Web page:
We enjoyed the Bavarian food while we were there, as well. I took a picture of our feast from our trip to a local restaurant. On the left, there are pork chops and bread balls (impossible to explain, but excellent!) in a horseradish sauce, then the omnipresent wurst and sauerkraut, then on the right is a roasted pork leg and potato balls. All of it was delicious!


One of the other things we did there was just to tour the town of Hof. They have a landmark collection of street signs from all over the world. Here I'm pointing to a sign for a town called "Brasilien" (I was born in Brasil) and B's standing near "Amerika," which is also apparently a town somewhere in Germany. If I had more space, I could post a bunch more pictures of all the signs, including one from Rocky Mount, a town near where B's parents live.

We also enjoyed a trip to the zoo. Steven might have enjoyed the slide even better than the animals:


He did enjoy the animals, though. He's been learning all the animal noises lately, so he got to practice a bunch of them and learn some new ones. Here he's feeding the goats.


Matthew didn't get into it too much, but the monkeys that ran free inside the conservatory-thingy looked him over carefully. Finally, we realized that they were captivated by his rattle, so B offered it to one. He almost took her up on it, too.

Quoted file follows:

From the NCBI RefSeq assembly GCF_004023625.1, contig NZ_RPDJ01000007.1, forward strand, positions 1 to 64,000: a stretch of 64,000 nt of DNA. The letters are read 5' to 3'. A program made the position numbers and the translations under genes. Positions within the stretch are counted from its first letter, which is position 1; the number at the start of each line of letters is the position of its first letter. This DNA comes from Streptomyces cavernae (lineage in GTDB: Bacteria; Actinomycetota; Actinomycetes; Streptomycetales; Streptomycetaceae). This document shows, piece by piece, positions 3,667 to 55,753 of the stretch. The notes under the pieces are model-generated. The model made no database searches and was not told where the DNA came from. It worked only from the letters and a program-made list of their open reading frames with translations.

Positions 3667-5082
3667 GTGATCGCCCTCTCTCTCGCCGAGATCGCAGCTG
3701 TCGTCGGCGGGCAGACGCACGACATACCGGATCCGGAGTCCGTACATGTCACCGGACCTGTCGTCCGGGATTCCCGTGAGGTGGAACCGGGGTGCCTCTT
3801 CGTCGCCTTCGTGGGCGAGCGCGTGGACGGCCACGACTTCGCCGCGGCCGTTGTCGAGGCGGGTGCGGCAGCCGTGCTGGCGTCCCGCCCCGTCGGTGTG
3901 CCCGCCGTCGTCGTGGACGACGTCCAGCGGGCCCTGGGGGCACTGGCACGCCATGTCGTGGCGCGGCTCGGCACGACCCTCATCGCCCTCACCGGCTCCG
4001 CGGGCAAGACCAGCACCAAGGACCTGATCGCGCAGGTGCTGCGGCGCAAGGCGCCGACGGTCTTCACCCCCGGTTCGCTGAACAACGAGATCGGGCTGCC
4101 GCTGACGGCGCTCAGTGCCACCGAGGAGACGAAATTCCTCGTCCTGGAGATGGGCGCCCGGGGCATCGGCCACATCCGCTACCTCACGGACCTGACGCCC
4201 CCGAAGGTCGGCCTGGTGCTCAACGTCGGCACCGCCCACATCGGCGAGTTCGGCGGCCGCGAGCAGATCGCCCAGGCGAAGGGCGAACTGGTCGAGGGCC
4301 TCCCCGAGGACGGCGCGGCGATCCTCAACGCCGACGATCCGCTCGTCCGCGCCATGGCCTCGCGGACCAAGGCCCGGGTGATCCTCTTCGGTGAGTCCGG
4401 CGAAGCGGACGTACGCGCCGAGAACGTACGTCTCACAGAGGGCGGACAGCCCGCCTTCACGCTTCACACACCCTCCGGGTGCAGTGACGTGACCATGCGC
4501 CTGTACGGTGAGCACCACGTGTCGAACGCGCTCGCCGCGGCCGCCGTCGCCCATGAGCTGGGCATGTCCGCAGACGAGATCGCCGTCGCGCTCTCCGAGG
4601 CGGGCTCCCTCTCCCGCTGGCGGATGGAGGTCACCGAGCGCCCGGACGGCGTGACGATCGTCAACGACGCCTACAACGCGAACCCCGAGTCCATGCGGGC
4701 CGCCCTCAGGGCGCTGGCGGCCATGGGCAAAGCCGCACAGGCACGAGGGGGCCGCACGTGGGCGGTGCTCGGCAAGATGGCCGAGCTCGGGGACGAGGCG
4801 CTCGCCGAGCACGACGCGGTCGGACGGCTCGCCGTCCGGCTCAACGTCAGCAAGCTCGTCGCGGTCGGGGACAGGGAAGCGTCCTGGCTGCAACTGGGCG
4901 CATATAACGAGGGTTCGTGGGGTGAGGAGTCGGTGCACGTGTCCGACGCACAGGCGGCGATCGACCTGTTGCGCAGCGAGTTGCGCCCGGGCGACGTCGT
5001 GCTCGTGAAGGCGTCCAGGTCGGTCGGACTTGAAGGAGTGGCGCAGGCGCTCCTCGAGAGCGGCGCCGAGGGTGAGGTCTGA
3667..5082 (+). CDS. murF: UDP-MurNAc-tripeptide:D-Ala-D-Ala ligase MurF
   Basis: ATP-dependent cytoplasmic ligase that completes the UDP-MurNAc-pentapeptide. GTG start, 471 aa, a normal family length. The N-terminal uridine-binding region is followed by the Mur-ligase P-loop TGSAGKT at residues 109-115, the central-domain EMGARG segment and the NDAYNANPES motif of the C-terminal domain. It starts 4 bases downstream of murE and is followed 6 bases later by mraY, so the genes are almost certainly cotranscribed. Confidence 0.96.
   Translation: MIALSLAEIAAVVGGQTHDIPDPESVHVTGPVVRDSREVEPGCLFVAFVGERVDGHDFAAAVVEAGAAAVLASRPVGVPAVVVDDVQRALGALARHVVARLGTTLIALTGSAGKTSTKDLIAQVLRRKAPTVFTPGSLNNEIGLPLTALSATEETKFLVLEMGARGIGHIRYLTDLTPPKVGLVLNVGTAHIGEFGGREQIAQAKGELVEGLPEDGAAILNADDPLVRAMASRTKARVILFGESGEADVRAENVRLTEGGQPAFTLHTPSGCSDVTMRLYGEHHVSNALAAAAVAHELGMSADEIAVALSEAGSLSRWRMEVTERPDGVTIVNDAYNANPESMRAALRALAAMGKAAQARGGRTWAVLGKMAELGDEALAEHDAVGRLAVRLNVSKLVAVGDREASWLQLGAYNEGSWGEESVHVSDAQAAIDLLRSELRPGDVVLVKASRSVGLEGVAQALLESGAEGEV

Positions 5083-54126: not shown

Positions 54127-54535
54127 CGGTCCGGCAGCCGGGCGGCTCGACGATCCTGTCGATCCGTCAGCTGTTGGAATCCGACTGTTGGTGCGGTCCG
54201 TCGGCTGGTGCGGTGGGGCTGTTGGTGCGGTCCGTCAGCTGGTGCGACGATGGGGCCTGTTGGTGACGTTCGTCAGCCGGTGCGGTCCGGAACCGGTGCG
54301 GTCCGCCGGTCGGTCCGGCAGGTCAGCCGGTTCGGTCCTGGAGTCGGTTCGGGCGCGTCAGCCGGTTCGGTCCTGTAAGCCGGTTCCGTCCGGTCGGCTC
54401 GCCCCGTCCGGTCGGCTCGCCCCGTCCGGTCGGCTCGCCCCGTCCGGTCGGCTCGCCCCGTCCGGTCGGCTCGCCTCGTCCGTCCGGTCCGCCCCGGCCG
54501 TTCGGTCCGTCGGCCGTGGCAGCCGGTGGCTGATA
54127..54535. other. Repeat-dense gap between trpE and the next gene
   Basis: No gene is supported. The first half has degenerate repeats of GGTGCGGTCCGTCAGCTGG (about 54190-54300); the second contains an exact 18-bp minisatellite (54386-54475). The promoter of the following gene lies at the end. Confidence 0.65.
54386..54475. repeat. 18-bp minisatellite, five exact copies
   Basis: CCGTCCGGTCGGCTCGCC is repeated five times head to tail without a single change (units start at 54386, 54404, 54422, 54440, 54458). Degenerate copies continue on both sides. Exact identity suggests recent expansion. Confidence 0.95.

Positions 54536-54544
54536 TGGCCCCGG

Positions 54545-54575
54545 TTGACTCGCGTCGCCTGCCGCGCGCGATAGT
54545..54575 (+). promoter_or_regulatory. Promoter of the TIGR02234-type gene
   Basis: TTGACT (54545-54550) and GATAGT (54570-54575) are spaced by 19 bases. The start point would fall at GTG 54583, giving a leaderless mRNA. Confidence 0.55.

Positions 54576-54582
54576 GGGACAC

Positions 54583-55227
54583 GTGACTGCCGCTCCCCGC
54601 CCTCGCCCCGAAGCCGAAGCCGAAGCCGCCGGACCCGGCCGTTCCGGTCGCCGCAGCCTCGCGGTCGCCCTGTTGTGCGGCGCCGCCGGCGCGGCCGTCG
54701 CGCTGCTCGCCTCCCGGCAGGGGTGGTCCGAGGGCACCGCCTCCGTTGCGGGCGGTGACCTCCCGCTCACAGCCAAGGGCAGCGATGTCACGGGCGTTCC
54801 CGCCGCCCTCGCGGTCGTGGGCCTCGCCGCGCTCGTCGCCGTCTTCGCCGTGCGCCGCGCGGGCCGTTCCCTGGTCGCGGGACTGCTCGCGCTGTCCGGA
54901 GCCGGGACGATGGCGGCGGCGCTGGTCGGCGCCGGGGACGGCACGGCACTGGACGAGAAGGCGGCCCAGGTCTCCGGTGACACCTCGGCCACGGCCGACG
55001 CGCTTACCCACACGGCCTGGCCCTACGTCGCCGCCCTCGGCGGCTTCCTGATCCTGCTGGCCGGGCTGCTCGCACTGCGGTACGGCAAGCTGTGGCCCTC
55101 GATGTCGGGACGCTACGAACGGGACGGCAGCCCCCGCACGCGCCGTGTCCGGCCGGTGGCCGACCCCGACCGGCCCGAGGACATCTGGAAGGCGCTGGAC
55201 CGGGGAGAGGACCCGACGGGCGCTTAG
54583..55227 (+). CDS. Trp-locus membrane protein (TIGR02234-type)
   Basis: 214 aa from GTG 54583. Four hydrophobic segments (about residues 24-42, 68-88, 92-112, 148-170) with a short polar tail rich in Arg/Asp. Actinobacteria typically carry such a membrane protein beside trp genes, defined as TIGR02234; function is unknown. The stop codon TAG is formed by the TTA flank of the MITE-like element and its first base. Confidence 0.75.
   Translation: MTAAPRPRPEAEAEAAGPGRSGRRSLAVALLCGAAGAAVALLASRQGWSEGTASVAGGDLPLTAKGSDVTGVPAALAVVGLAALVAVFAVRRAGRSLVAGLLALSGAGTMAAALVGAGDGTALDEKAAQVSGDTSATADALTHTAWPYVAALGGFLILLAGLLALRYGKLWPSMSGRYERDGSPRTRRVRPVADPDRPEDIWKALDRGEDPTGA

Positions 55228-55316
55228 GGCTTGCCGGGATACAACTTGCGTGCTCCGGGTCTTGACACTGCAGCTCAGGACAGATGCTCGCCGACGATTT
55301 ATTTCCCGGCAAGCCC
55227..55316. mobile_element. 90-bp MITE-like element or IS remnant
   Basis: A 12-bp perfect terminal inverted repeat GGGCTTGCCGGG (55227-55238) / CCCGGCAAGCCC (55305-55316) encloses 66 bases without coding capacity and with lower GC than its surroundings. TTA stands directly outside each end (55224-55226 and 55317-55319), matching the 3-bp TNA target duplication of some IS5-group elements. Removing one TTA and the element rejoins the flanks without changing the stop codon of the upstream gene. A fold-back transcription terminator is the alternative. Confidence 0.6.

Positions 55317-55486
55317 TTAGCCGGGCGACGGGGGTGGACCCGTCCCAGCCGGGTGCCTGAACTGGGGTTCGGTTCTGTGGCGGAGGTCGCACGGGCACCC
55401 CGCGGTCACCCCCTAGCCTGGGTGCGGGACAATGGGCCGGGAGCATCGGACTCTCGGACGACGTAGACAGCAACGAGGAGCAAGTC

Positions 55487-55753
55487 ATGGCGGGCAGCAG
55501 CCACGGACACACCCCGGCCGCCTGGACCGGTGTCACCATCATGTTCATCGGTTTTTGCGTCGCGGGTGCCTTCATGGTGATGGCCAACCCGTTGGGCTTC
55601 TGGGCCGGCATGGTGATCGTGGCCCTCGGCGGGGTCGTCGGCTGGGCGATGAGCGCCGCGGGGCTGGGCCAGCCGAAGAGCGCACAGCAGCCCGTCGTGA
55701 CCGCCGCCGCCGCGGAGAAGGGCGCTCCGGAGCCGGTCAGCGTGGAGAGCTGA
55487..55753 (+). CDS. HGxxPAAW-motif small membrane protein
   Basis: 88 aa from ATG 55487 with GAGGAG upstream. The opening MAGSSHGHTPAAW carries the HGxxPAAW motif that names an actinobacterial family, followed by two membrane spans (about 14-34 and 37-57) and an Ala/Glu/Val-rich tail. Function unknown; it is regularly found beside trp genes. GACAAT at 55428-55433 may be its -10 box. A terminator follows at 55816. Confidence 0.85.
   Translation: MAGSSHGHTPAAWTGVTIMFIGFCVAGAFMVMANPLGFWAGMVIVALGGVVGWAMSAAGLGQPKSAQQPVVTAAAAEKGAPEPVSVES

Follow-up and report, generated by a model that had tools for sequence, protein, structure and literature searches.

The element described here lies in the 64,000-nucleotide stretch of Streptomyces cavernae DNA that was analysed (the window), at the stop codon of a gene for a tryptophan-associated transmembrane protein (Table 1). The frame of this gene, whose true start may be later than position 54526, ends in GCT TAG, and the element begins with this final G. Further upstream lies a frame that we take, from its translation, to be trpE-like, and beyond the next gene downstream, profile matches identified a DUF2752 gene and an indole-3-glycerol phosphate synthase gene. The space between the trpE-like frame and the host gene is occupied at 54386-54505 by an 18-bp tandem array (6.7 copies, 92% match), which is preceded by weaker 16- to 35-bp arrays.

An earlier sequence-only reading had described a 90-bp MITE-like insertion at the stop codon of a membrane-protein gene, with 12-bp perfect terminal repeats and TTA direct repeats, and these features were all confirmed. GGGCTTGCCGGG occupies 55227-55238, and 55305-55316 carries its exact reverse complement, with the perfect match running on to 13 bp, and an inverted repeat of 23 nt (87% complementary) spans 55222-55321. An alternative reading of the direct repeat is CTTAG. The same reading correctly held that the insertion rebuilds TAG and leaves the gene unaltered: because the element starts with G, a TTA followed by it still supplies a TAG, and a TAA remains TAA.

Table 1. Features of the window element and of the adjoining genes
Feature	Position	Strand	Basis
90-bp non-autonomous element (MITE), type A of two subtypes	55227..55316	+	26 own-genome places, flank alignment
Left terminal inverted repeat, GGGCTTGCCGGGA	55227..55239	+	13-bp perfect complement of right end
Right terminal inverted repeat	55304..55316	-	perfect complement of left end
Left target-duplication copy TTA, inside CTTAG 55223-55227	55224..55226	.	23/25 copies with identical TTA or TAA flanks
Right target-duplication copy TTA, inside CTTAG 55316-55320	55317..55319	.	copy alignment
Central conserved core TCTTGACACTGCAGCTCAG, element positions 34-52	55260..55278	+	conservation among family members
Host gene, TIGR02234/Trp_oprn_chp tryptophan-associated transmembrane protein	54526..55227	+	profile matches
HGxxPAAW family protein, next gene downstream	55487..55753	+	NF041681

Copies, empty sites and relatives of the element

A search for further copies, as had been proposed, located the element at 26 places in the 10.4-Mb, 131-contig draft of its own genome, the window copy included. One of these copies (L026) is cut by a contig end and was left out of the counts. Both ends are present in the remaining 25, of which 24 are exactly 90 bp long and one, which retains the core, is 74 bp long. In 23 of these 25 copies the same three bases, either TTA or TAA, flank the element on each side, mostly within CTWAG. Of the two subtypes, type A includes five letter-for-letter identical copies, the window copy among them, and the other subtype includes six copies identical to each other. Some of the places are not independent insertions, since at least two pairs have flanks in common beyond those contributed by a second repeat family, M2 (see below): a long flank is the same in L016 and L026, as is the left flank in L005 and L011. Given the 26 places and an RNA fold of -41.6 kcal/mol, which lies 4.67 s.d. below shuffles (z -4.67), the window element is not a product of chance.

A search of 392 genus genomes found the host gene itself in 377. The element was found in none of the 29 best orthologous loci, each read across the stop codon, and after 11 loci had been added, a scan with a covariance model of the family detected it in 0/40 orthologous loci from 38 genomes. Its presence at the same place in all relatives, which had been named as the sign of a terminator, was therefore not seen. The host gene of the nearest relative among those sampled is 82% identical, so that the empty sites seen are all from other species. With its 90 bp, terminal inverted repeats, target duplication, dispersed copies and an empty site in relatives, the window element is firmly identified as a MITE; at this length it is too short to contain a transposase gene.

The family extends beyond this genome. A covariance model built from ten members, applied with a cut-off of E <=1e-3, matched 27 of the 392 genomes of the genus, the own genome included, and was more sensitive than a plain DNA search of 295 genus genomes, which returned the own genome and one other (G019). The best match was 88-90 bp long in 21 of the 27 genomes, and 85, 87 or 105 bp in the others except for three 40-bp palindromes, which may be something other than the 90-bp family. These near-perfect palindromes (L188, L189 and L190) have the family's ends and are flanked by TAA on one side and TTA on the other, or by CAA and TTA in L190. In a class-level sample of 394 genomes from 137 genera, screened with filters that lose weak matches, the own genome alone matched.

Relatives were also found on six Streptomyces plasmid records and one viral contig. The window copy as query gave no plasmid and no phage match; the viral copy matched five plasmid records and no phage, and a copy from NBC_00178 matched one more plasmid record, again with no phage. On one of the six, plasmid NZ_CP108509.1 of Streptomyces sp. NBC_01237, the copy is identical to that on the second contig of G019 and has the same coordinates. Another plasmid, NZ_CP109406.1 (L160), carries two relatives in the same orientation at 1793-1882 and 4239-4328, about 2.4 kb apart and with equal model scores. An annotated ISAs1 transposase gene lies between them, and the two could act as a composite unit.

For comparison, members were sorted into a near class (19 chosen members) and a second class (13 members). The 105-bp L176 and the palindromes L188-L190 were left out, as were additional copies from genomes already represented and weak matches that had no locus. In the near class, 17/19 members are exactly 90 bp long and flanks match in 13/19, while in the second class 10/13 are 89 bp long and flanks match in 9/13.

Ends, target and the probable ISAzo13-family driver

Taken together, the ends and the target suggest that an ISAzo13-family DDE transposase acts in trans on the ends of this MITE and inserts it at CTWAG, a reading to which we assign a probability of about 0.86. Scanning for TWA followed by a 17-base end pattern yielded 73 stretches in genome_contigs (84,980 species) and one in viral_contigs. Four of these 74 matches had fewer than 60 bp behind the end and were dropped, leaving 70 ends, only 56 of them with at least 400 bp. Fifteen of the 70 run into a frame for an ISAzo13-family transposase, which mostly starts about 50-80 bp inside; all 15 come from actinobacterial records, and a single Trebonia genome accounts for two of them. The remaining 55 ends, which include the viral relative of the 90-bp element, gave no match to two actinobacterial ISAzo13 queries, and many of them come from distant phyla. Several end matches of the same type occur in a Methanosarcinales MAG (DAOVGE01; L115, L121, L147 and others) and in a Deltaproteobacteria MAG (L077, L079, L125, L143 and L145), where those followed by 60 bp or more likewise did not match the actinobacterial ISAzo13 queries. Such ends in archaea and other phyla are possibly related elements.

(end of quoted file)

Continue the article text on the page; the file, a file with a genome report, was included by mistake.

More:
Steven hadn't experienced a trampoline before, and even though he can't jump yet, he loved being held while we did. When do kids get big enough to jump (from a level surface), anyway? It seems odd to me that he can run around without problems but can't get it together to get both legs off the ground at the same time.

OK, so that's about it. I'll leave you with this picture of B and the boys and the answer to last week's question. No points for anyone; we only had one guess!

The sign in question was the "no speed limit" sign. They actually still have them on the German autobahn. We got to experience a little of this, as our friend's dad actually came to pick us up in his Audi Quattro. I had never been above 105 miles/hour (about 170 km/hr) in my life, but he quickly put that to shame. We averaged around 130 m/hr (200 km/hr), I'd say, though he briefly went up to 160 + mph (260 km/hr). It was unbelievable to me that you can drive that fast legally, but people seem to be very good drivers and we didn't see any major accidents ourselves. I just remember a friend in the US paying lots of money to have a "NASCAR experience" and not going over 150, so I had to laugh that we got to do it for free there.